Common applications for Human Machine Interfaces (HMIs)

The major industries that have adopted the versatile applications of HMIs

The market for human machine interfaces, or HMIs, has exploded in popularity in recent years. Although HMIs are most commonly used in industrial applications, they’re used for other purposes, including consumer and commercial applications. 

What's an HMI?

While there are numerous types of HMIs, they all serve the same purpose: to give a human operator control over a machine or device. HMIs are not only input controls capturing users’ commands, but also output controls providing feedback to the users—accomplishing both goals in convenient, simple, practical, and intuitive ways. Keypads, knobs, touch screens, displays, and interconnected computers can all be part of HMI systems. Nelson MIller Group is a leading HMI manufacturer to help you design and deliver your mission-critical controls.

An HMI’s construction will vary depending on its intended function. Generally, this will include a few standard components:

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Resistive touch screen as part of an HMI in industrial environment
HMI applications - control panel of CNC machine
  • Input devices like keypads, knobs, touch screens, or switches, especially mechanical switches and membrane switches. Membrane switches are preferred in environments where humidity, moisture, or other contaminants may be an issue. Read more about rugged switch on our website.

  • Feedback devices as simple as light indicators or as sophisticated as displays and touch screens. Light-emitting diode (LED) indicators light up to indicate various control mechanisms. For example, an LED may light up green if a system is on or red if off. Increasingly, many HMIs feature touch screens or even consist of only a touch screen since they can be used both as a display and to collect inputs.

  • Processing units are either integrated in the device (PCB, printed electronics, and sensors), or connected to a computer(s) or a PLC (Programmable Logic Controller). HMIs rely on special software programmed by engineers to operate the processing units.

  • Various hardware to hold, insert, or protect the HMI, such as enclosures, covers, back plates, frames, etc.

Common HMI applications

Equipment and machinery monitoring

One very common application for HMIs involves monitoring machinery and/or equipment, particularly in factories and other industrial settings. The HMI displays or transmits live data about its processes, allowing workers to ensure the equipment is running properly. This allows workers to notice and proactively correct if the equipment starts to fail. Especially with the rise of smart manufacturing, the ability to send and receive real-time data and commands is an increasingly important feature.  

Medical devices

In healthcare, HMIs are employed in medical devices such as infusion pumps, patient monitors, and diagnostic equipment. They facilitate communication between healthcare professionals and devices, assisting in patient care and monitoring.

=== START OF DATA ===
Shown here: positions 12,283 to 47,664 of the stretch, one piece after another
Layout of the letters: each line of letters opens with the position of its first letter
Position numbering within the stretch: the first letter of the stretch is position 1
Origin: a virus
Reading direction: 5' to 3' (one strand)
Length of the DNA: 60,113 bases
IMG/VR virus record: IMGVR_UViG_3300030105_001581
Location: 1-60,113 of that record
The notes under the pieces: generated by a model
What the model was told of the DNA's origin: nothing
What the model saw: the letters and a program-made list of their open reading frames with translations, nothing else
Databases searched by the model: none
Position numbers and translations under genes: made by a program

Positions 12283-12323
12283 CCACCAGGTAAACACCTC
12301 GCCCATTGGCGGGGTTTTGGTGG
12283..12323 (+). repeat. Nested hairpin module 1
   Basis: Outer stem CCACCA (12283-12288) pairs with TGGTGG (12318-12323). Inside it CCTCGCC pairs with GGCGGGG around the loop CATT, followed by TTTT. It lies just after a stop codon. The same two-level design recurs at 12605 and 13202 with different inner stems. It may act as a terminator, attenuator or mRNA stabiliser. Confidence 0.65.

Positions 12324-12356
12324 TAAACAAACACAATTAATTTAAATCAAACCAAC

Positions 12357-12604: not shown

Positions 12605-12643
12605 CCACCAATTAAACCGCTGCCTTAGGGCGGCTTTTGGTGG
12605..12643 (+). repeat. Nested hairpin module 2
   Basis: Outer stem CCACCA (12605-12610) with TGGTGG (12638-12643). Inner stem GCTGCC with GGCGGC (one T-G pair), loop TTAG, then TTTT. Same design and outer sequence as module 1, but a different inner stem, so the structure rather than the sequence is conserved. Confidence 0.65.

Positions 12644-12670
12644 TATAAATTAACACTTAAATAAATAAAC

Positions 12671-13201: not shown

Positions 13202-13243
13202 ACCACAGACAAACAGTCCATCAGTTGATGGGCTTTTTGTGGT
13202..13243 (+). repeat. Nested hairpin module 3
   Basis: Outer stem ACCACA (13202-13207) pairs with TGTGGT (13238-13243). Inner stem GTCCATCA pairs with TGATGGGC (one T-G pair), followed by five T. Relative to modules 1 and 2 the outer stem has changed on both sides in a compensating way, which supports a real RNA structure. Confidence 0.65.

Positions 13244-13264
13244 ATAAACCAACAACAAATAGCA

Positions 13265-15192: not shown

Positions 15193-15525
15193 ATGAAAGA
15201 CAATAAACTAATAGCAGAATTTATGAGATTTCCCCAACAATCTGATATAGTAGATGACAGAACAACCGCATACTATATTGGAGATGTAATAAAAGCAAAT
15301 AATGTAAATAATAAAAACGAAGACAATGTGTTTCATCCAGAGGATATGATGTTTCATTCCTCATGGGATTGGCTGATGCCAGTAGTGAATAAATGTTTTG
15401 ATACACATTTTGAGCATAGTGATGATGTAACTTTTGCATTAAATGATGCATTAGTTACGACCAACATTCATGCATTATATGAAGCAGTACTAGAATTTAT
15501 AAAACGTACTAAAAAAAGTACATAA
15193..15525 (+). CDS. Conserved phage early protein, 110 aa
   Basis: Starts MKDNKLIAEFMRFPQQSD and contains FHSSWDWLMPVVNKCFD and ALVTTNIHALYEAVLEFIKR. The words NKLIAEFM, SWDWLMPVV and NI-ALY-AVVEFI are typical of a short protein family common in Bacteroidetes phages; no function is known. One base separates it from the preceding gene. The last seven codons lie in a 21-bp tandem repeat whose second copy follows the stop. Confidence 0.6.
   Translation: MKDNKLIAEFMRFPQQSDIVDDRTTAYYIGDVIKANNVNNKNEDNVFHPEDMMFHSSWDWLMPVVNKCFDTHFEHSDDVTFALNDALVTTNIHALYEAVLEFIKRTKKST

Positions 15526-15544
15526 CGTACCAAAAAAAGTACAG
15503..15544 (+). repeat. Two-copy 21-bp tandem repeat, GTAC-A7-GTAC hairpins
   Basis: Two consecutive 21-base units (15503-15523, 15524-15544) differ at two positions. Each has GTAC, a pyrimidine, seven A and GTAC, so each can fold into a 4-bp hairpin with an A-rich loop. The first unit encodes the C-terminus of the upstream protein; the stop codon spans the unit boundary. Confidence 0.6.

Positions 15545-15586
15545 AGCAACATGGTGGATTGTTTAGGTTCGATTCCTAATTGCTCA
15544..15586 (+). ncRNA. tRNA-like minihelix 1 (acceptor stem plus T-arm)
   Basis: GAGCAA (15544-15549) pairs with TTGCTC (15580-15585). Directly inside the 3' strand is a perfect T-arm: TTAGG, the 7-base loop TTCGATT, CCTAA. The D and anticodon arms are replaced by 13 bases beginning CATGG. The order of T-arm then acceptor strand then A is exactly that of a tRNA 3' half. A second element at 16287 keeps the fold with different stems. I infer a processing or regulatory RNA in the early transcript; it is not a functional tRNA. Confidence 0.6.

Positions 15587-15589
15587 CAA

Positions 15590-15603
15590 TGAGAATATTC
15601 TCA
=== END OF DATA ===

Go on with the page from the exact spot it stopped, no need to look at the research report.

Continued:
Automotive, aerospace, and aviation

HMIs have become commonplace on vehicle dashboards in recent years. Generally, in-car HMIs are touch screen enabled and are used to allow the driver or passenger to control systems like the air conditioning, heating, navigation, audio/radio, and more. Similarly, HMIs play a critical role in cockpit displays, control panels, and navigation systems. Pilots interact with these interfaces to monitor flight parameters and control various aspects of the aircraft.

Example of HMI application Medical HMI for patient monitoring
HMI application as a public transit information kiosk


Automated Teller Machines (ATMs) and banking interfaces leverage HMIs to allow customers to perform financial transactions, check balances, and access account information securely.

Electronic displays and information kiosks

Touch screen kiosks in public spaces provide information and services to users. These kiosks are often used in transportation hubs, museums, retail environments, and commercial offices.


In the education sector, HMIs are used in interactive whiteboards, tablets, and other tools to facilitate learning and engagement in classrooms. 

Building automation

With the increasing popularity of home and building automation, HMIs have become more commonplace to control heating and air, lighting, security systems, and smart appliances. HMIs provide a convenient and streamlined control interface, which can include smartphone apps and voice-controlled devices, for a user to monitor and control an entire building.

Audio/Video production

One of the lesser-known HMI applications is audio/video production. A/V companies may use HMIs to control their microphones and video cameras. 

Given the versatility of HMIs, it’s no surprise that they’ve become such a popular tool across so many industries. The rise of the HMI has driven innovation and improvements in interface design and functionality across many critical applications, and their impact is only expected to increase in the future.

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About NMG 

NMG has more than 85 years of experience partnering with organizations to bring their industrial, IoT, lighting, medical, telecommunications, consumer, and aerospace products to life. We solve your most complex challenges in engineering design, manufacturing, and supply chain management.  

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